From the get go, I was afraid I wasn't going to get Ang Nawawala. Films rooted deeply into a subculture, in this case the world of hipsters and their cameras, vinyl, indie music, and far-off and specialized tastes have a tendency of excluding people that don't belong to that world. Reading the reactions of people and early reviews made me afraid that I was going to be the only one in the audience that didn't get it. But that wasn't the case, at all. Yes, for certain, Ang Nawawala has the strong undertones of the hipster culture but it was inclusive, bringing you into the world and using it sharply to tell the story of a young man Gibson (Dominic Roco), who has not spoken for the past ten years after he saw his twin brother die, and the love that might bring him back to the land of the speaking.
Already, the movie asks for much from its audience. Gibson arrives to spend time with his family for the Christmas holidays. He came from the States but we are not exactly sure what he does there and how he manages to survive without saying a word. But quickly, the movie engages you with shades of his broken family and buys itself more time to play its larger than life premise, until the point when suspension of disbelief is achieved and we don't care anymore about the little details.
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There is a lot to work with. There is tension at home as his family seems to have not come unscathed by the events of his brother's passing ten years ago. There is the possibility of romance in the form of cool chick Enid, who he meets at a party and takes interest in the self-imposed mute. And then there's the fact that Gibson speaks to his twin brother, the only person he has a conversation with.
The movie is unapologetic in its sources but that is what makes it refreshing and honest. They are real people of that social class and mainframe. They speak in complete English sentences and collect vinyl records. They listen to indie music and go to places like Saguijo and Route 196. Enid drives her own car and Gibson lives in a big house with lots of maids. They have iPhones, which is pivotal for Gibson to communicate his thoughts and feelings to Enid through the Notes application. They drink, smoke pot, talk about music, and go to church with their families.
But the film isn't just a showcase of the life of a hipster. The culture resonates with the characters and the story-telling. Punctuated by silences and music, Ang Nawawala has its share of MTV moments when nothing is happening except Enid and Gibson watching a band play at some gig. But the songs say what Gibson cannot say. And it is this aspect that brings the couple together, kindred spirits drawn to the same kind of music. This becomes the playing field for three of its amazing romantic moments.Download the free Juice.ph Mobile App for iPhone and Android to get your daily dose of Juice on your mobile phone.
The first involves the two showing each other vinyl covers in a sale for records. The competition slowly turns into realization of each other's interests. And without speaking, through pop culture context and the visual clues from the album covers themselves, we see them have a conversation without any real dialogue.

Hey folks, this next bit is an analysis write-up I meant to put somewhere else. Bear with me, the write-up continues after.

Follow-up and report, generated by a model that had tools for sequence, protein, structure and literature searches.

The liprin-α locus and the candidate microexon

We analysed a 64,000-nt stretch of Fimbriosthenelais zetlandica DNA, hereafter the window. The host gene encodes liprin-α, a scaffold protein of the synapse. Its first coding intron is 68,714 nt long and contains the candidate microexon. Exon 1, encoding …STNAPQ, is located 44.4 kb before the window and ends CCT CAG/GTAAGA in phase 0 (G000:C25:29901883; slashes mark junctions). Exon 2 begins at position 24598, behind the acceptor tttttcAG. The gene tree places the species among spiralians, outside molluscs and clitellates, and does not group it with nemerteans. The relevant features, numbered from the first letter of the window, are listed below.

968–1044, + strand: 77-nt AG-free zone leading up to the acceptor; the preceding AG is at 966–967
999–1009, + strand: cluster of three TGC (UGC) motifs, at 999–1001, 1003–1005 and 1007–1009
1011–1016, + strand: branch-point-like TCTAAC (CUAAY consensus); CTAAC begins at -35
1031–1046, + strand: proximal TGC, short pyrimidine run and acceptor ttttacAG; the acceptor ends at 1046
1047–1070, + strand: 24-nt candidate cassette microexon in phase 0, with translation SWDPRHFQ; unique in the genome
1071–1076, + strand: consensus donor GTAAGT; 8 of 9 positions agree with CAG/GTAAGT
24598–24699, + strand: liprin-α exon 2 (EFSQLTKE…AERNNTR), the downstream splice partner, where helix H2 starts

The second involves playing a dubiously retro sounding record and mouthing the words (but not singing), we see Gibson lip-synch his feelings to the impressed Enid. The effect brings a smile to your face, very cleverly done and very precise.
The third is a moment when they trade headphones and then make out to the song they prepared for each other.
These moments would never happen outside of the hipster world and each scene is so well executed that it's a blessing to have them in our film landscape.
The interplay between silence and noise keeps bringing to mind that some things should be said, but are never said, and create even deeper meaning because of it.
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We are also lucky to be rooted by a strong cast. Roco is most effective not speaking, as he betrays the thoughts in his head with every eye movement or head tilt. His father and mother are played magnificently by Boboy Garrovillo and Dawn Zulueta. Garrovillo succeeds in creating a father who is trying to keep everything nice and neat but beneath is someone broken or sinking, desperately trying to keep afloat. Dawn Zulueta is everything in this movie. Her performance is understated, a quiet fire that is ready to explode but is restrained by years of pain and suffering.
I have a few caveats, the main one being Annicka Dolonius' portrayal of Enid. Without a doubt, Enid is a tough, hip chick and Dolonius embodies it well. But in her efforts to be cool, she went a little too far and became ice cold, which became problematic as her character had to be lovable. We had to fall in love with her as much as Gibson does, and while Dolonius is beautiful and edgy and probably every hipster's wet dream, she left me feeling cold.
I wish the dialogue was delivered more quickly, more naturally to properly fill the quiet moments with chatter and noise to counterpoint Gibson's silence... but that's nitpicking. I totally enjoyed watching a film that captures a part of Manila that is ignored or not properly presented in Philippine cinema. It doesn't fall into the trap of having to resolve everything but leaving us with all the necessary little hints of what will happen. It's doesn't feel the need to spell out everything for us. Like Gibson, the silent moments of the film and the story-telling reveals so much already. It's a totally smart film, because it doesn't dumb itself down for its audience. It's honest and sincere and is great step forward for Philippine cinema.
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